There was some interesting response to my Siegel and Shuster “Bat-man” theory. Over at The Beat, “Did Bob Kane swipe Batman from Siegel and Shuster?”:
As I said, the frequent mentions of hoaxes, made me suspicious of this but in a tweet, Ricca says it’s not a hoax…That said, if it were it would be a pretty clever gag…And the truth is both Shuster and the swipe-happy Kane were drawing on familiar Dracula images. So this is almost certainly a case of swiping the same influence.
That’s a good way of understanding it. Whatever this panel is, both sets of creators were both definitely prone to similar influences. They liked that bat stuff. But is it a hoax? Well…
Here are the facts:
1. Siegel and Shuster’s “Bat-man” appeared in More Fun Comics #28 in January 1938 in a story titled “Vampire Venom” (sorry for the date correction from the first post — grabbed the wrong reference). This issue was edited by Vin Sullivan.
2. Bob Kane started working on More Fun Comics #31 with “Ginger Snap,” so he probably knew the magazine well. Vin Sullivan gave him the work.
3. In 1939, a year later, Kane was given the opportunity to create a superhero like Superman by Vin Sullivan. The conversation allegedly began with Kane asking Sullivan how much Siegel and Shuster were making.
4. The Batman we know that was finally approved (and which contained many swipes of other sources) featured the scalloped cape and the spelling of “Bat-man.”
These are facts. Unfortunately, people who do have copies of More Fun #28 dont want to crack their CGC cases and take photos. Here is the original I used — a shadowy microfiche copy. This site offers the whole issue, which gets us closer to a confirmation.
The hoax might be what we can take away from this. Can we know for sure that this image inspired our Batman? Not without more evidence. But I agree with Steven Thompson (who comments after the Beat article) — it’s not just the pulpy cultural battiness that plays into the image (including The Bat Whispers, a 1930 film based on a play that Joe drew a poster for in high school), and the Springheel Jack/Dracula bat-cape that is enticing, but that name — Bat-man — all under a common editor. And timing: Siegel and Shuster’s version was published about a year before Detective #27.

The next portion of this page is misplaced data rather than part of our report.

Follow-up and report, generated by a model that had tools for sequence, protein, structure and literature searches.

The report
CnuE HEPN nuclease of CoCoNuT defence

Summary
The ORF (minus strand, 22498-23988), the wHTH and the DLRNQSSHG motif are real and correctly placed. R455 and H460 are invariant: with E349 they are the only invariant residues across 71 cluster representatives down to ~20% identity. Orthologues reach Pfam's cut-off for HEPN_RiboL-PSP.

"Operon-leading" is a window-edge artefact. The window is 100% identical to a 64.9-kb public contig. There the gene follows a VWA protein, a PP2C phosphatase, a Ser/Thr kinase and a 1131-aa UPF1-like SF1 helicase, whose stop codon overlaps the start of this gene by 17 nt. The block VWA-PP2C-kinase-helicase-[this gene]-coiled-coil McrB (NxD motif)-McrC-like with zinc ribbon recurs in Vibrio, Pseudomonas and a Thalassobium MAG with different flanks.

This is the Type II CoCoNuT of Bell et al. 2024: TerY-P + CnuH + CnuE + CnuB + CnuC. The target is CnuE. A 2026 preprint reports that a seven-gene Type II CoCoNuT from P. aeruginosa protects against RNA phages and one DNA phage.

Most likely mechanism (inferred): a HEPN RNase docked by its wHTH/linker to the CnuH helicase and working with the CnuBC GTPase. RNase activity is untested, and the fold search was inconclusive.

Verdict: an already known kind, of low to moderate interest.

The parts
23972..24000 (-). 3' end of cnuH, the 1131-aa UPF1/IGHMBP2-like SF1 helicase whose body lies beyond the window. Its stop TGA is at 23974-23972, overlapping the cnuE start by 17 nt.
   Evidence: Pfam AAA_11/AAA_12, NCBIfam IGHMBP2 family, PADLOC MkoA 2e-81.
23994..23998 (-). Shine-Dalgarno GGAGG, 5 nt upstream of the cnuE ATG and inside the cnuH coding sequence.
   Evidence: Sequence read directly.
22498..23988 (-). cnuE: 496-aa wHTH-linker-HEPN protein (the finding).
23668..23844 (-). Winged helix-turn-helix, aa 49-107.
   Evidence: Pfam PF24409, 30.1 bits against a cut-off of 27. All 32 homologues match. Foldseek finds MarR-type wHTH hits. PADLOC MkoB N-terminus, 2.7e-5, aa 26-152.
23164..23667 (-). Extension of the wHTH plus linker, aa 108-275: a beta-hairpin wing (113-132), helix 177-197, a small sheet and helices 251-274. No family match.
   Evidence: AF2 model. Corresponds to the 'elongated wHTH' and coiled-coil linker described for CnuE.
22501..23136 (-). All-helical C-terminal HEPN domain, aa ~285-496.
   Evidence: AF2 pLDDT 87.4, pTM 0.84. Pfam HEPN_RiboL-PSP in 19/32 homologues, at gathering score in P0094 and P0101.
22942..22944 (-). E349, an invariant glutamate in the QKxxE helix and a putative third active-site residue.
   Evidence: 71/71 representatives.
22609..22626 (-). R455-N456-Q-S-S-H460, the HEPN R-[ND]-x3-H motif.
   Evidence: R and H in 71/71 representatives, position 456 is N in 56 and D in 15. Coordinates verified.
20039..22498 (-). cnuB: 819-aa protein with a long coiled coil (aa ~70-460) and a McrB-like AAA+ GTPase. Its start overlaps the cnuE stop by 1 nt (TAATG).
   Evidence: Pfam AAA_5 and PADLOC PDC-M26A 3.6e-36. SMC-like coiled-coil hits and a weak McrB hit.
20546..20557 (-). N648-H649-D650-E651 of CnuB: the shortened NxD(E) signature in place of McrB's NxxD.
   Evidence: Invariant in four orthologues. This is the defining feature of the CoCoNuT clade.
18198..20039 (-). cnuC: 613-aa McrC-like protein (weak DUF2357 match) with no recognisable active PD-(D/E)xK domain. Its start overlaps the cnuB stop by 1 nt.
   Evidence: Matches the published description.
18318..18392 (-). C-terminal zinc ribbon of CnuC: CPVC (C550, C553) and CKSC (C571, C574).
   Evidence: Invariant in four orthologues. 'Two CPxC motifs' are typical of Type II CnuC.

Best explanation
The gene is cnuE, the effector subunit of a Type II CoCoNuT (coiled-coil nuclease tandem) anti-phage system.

The black hole in the middle of this is the fact that Kane was not the sole creator of the character. I am not a Batman scholar, so I’ll tell you the same thing I tell everyone who asks why my next book is not about Batman: 1) because it’s messy and 2) see Marc and Ty’s book. Batman’s creation seems largely economic to me, which isn’t as interesting (though the character itself going forward obviously is, arguably more interesting than Superman — for that Bat-stuff, wait for Glen Weldon’s eventual book). All I am claiming here is that this image was within reach to all three parties: Sullivan, Kane, and Finger (who was writing for Kane as early as 1938).
I brought up the Millar hoax to illustrate how discoveries like this really tend to capture our imaginations — and then run away with them. We have to be careful. After all, this is just a small panel in a comic book from 1938. And it is absolutely drawing on the writhing mass of bat imagery that both teams of creators absorbed. But the panel is real. So what does that mean? I like to think of it in the context of Holmes’ famously overquoted “When you have eliminated the impossible” spiel — but with a twist. With these facts, the notion of Siegel and Shuster inspiring the Batman cannot be eliminated as impossible.
It is on the table.